Ant Financial Has No IPO Timetable After $14 Billion Fundraising, CEO Says
China’s online payment giant Ant Financial Services Group has not set a timetable for an initial public offering as the latest $14 billion fundraising equipped it with enormous resources for global expansion, Chief Executive Officer Eric Jing said Friday.
The financing, announced Friday, came ahead of a widely expected IPO of the Alibaba-affiliated company. Reuters reported that Ant Financial’s IPO in Hong Kong and the mainland is expected as early as next year.
The latest financing pushed the company’s valuation above $151 billion. The company’s value has more than doubled since Ant Financial raised $4.5 billion in 2016, according to media reports.
“An IPO is not our goal,” Jing said in an interview with Caixin in Beijing. He is also the company’s executive chairman. “We need international partners as the company enters a new stage of development. The investment brings along international resources and experience, which are positive for us.”
Without offering discounts to international investors, Ant Financial kept a pace of financing every 10 months on average since July 2016. Unlike the previous two rounds led by domestic and state-backed investors, the latest funding round mainly involved leading overseas investors as the company seeks to strengthen its position in the global market.
The funding includes a U.S. dollar tranche backed by Singapore’s sovereign wealth fund GIC Pte. as well as Warburg Pincus, the Canada Pension Plan Investment Board, Silver Lake and Temasek Holdings Pte.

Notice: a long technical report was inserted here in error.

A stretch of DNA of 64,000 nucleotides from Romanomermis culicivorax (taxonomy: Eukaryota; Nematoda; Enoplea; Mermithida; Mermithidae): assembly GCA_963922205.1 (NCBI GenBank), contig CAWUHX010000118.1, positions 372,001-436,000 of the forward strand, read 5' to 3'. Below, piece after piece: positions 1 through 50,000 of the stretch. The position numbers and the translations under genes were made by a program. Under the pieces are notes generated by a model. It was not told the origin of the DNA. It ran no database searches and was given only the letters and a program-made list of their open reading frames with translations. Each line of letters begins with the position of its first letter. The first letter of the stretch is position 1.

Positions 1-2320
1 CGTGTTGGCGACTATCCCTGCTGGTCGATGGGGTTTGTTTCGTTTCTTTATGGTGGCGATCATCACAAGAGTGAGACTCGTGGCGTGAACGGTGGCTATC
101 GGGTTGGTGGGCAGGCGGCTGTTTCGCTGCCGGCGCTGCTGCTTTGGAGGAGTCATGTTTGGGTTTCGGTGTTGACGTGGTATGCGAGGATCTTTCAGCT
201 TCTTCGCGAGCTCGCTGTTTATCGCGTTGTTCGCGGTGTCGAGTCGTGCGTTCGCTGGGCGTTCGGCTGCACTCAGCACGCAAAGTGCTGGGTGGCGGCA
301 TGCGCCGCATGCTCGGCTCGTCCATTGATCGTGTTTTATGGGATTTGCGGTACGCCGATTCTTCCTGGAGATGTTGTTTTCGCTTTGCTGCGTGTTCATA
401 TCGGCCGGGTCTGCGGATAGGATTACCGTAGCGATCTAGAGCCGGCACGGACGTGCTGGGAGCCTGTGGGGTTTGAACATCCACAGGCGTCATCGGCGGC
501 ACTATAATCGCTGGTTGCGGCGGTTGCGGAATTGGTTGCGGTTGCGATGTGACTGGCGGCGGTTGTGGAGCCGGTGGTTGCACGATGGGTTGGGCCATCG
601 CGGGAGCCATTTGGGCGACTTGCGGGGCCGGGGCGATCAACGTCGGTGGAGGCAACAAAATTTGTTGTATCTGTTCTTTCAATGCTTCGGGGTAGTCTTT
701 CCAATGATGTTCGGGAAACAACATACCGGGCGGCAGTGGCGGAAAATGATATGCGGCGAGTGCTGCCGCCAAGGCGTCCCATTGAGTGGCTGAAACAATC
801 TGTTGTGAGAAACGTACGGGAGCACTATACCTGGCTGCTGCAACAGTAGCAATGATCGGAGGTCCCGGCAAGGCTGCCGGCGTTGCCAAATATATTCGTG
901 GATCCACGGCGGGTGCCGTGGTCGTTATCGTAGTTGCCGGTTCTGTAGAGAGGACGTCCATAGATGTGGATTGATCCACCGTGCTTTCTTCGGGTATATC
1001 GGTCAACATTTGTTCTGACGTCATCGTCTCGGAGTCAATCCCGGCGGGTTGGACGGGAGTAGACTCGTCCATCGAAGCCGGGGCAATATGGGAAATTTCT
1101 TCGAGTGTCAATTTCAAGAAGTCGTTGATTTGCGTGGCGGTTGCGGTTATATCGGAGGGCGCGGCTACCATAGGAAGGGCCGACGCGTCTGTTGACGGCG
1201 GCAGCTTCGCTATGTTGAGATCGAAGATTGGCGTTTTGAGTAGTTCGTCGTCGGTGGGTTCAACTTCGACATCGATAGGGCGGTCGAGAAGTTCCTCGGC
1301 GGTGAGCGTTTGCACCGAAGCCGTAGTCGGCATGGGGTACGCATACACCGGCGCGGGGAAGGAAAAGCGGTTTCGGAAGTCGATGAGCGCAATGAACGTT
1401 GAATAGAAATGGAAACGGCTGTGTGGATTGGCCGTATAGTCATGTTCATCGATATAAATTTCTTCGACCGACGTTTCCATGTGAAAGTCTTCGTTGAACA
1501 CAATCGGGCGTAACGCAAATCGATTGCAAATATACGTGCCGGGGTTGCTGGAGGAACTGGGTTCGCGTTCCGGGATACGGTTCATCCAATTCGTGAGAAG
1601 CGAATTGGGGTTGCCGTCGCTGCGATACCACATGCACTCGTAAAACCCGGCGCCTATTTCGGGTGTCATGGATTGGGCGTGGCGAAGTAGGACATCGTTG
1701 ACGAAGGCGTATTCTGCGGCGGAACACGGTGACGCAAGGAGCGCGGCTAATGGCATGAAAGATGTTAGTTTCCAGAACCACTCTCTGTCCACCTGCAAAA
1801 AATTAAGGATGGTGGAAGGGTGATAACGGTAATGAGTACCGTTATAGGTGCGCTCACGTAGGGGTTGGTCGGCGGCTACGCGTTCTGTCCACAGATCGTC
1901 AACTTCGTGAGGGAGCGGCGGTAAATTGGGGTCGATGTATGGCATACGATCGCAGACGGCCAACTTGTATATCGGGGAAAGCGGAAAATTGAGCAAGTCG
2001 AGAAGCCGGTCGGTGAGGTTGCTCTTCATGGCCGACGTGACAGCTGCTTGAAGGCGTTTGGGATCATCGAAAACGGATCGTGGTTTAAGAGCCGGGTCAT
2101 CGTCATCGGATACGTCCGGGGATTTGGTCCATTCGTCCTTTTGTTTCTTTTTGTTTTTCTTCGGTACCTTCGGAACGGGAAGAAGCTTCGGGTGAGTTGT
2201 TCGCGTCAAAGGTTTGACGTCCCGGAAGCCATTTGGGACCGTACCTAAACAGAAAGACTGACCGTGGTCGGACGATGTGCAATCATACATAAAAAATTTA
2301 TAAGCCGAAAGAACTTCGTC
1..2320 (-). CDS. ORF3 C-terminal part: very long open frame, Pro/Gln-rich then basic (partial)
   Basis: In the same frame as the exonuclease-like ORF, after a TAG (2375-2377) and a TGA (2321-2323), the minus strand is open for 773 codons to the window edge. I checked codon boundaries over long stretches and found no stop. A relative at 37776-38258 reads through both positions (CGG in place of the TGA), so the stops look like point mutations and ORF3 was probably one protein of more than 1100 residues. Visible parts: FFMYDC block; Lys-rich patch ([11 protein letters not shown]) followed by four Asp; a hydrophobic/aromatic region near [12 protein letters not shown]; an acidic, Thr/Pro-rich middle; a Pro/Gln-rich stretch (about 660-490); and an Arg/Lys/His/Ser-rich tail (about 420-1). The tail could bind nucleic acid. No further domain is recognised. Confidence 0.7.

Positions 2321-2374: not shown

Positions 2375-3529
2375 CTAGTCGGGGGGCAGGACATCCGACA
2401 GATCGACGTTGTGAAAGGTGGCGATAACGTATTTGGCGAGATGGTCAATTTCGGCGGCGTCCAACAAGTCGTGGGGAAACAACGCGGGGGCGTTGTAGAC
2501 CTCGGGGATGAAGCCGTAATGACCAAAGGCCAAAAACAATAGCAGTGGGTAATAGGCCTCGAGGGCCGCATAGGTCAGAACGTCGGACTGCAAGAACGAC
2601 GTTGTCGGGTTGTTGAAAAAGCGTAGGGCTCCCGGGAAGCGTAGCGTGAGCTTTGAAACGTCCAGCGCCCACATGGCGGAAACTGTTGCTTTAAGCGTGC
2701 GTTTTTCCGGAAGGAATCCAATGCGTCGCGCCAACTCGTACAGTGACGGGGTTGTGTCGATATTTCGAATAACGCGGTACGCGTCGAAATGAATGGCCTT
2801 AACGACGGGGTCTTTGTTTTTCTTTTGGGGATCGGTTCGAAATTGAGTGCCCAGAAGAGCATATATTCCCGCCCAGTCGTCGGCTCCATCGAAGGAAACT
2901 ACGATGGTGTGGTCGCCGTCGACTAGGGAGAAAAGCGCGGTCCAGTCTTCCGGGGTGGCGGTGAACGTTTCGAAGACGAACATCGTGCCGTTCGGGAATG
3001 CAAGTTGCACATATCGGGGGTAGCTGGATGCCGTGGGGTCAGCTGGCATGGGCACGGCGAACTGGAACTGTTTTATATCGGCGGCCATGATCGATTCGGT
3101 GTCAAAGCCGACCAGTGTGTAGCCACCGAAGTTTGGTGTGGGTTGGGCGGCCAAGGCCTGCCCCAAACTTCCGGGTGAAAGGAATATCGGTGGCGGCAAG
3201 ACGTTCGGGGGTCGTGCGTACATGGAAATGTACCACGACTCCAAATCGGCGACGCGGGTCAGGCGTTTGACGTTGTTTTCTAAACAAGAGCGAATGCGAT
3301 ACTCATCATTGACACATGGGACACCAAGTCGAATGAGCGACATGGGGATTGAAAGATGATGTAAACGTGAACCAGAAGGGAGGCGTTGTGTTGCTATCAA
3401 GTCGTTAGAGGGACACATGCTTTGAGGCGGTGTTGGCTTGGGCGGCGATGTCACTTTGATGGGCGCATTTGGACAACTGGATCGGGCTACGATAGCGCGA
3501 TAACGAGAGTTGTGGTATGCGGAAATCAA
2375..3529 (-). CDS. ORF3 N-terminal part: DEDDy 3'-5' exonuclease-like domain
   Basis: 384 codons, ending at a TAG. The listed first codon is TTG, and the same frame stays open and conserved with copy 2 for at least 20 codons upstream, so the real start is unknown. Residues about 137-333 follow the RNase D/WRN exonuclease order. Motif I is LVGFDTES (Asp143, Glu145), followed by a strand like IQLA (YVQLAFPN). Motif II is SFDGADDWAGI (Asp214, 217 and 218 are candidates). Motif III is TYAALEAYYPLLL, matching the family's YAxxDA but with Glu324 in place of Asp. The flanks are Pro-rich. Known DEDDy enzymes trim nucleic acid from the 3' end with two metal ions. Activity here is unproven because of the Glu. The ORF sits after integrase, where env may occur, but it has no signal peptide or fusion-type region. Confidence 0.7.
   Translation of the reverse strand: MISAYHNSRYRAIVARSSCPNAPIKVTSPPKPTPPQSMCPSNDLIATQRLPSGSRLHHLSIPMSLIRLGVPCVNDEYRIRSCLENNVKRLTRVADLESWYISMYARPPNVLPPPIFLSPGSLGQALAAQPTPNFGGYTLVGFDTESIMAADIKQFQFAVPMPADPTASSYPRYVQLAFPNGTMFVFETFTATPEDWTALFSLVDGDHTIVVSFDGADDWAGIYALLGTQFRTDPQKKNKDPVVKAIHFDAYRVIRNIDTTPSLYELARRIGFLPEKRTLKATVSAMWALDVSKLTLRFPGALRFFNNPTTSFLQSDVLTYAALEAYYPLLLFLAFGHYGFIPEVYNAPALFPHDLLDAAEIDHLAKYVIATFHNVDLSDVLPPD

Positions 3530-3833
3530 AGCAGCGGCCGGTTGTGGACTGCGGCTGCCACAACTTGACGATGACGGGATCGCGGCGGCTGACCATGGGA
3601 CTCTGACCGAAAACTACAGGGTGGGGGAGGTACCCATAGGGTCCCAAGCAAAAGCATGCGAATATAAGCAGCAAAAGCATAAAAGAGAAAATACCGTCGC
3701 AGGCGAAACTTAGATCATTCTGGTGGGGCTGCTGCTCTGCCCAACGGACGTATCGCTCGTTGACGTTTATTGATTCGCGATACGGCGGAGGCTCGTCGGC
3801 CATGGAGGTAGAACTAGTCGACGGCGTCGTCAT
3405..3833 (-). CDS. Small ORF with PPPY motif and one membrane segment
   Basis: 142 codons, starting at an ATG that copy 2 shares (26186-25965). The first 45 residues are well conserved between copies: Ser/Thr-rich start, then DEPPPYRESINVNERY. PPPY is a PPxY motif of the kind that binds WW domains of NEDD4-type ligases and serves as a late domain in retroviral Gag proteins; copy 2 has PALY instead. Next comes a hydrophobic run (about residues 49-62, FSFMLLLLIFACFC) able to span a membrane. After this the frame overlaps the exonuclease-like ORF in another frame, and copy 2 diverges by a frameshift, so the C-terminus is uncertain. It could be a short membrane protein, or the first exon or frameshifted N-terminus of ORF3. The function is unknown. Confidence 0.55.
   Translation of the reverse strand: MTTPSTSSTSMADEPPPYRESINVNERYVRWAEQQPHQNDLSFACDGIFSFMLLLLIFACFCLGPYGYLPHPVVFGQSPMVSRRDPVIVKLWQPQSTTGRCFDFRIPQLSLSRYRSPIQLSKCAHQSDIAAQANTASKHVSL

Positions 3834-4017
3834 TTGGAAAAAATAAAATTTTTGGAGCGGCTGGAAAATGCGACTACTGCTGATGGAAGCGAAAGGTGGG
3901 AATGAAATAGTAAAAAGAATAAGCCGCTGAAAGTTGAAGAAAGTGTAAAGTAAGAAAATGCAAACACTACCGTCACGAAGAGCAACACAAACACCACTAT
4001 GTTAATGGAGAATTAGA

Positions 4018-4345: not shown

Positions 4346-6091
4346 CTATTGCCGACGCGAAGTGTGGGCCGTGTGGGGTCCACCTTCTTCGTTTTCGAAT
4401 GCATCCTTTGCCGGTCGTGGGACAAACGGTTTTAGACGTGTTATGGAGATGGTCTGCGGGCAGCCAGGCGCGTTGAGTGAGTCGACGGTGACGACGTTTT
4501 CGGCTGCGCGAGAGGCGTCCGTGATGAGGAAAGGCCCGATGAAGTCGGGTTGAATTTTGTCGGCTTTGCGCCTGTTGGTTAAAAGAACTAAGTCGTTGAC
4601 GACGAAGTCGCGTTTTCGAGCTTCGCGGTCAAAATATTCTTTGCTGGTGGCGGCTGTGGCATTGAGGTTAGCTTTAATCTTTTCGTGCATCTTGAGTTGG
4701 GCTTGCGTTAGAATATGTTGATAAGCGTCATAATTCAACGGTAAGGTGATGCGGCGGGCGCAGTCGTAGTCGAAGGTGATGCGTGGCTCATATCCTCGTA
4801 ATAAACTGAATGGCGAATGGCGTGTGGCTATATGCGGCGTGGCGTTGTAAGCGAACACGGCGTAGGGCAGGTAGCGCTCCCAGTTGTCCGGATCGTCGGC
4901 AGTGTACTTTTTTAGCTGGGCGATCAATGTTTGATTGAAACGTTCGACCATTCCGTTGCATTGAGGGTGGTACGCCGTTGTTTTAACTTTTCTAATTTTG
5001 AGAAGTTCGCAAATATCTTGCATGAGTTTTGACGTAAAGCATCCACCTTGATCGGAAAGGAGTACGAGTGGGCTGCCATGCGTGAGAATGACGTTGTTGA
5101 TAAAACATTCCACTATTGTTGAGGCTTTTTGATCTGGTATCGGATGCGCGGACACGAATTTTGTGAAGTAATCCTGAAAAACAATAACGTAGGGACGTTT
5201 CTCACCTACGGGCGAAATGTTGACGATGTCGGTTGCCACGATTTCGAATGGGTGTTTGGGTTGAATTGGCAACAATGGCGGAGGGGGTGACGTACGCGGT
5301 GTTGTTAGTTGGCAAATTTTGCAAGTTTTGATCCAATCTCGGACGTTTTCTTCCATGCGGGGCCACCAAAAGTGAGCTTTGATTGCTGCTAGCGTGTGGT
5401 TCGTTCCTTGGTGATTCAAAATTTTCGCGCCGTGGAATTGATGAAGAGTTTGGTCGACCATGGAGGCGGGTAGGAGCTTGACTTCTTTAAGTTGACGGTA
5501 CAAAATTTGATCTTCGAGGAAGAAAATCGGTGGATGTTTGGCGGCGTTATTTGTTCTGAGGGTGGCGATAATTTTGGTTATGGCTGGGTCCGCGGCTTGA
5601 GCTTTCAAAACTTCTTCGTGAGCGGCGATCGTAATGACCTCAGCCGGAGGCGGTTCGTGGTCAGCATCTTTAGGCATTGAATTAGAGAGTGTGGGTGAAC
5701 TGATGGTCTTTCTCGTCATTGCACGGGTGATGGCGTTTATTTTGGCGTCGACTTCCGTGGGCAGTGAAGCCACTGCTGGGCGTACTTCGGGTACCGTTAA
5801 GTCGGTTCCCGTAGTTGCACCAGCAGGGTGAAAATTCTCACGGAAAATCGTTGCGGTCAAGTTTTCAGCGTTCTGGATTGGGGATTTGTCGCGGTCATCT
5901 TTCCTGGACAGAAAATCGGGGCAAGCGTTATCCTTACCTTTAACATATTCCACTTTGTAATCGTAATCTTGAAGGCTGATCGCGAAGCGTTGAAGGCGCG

Funds and accounts advised by T. Rowe Price Associates Inc., the Carlyle Group, Janchor Partners Ltd., Discovery Capital Management LLC, Baillie Gifford & Co. and Primavera Capital Ltd. also invested in the company.
Domestic investors primarily consisted of existing shareholders.
Ant Financial, which spun off from Alibaba Group Holding Ltd. before the e-commerce giant’s 2014 listing in New York, runs China’s largest online payment platform, Alipay. Its business also include micro lending, credit rating, wealth management and an online-only bank.
Ant Financial will use the new funds to bolster its global expansion and investment in financial technology, Jing said. Ant Financial will cooperate with local partners and coordinate with Alibaba in overseas markets, he said.
Jing, who succeeded Lucy Peng as the company’s executive chairman in April, sets high goals for Ant Financial. The company’s revenue from overseas may surpass revenue at home in the long run as global users will reach 2 billion with 200 million small and medium sized companies, Jing said without giving a timeframe.
Alipay now has about 870 million annual active users globally with 520 million in China, according to a company fact sheet.
Barclays estimated that Ant Financial’s total revenue will increase to $33.5 billion in 2021 from $8.9 billion last year.
Ant Financial will also shift its main business to technology services and away from payments and consumer finance, Jing said.
Technology services will make up 65% of Ant Financial’s revenue in 2021, compared with an estimated 34% in 2017, making it the biggest revenue source. Jing declined to disclose details but said technology is already accounting for a majority of the company’s revenue.
The shift came as Chinese authorities have become increasingly wary of systemic risk brought about by financial holding companies — conglomerates running various types of financial services. Ant Financial today serves more users than some of China’s largest banks, which themselves are considered systemically important global financial institutions by the Financial Stability Board, an international body that monitors the global financial system.
“We pay high attention to risk management,” Jing said. The company has been working closely China’s financial regulators, he said.
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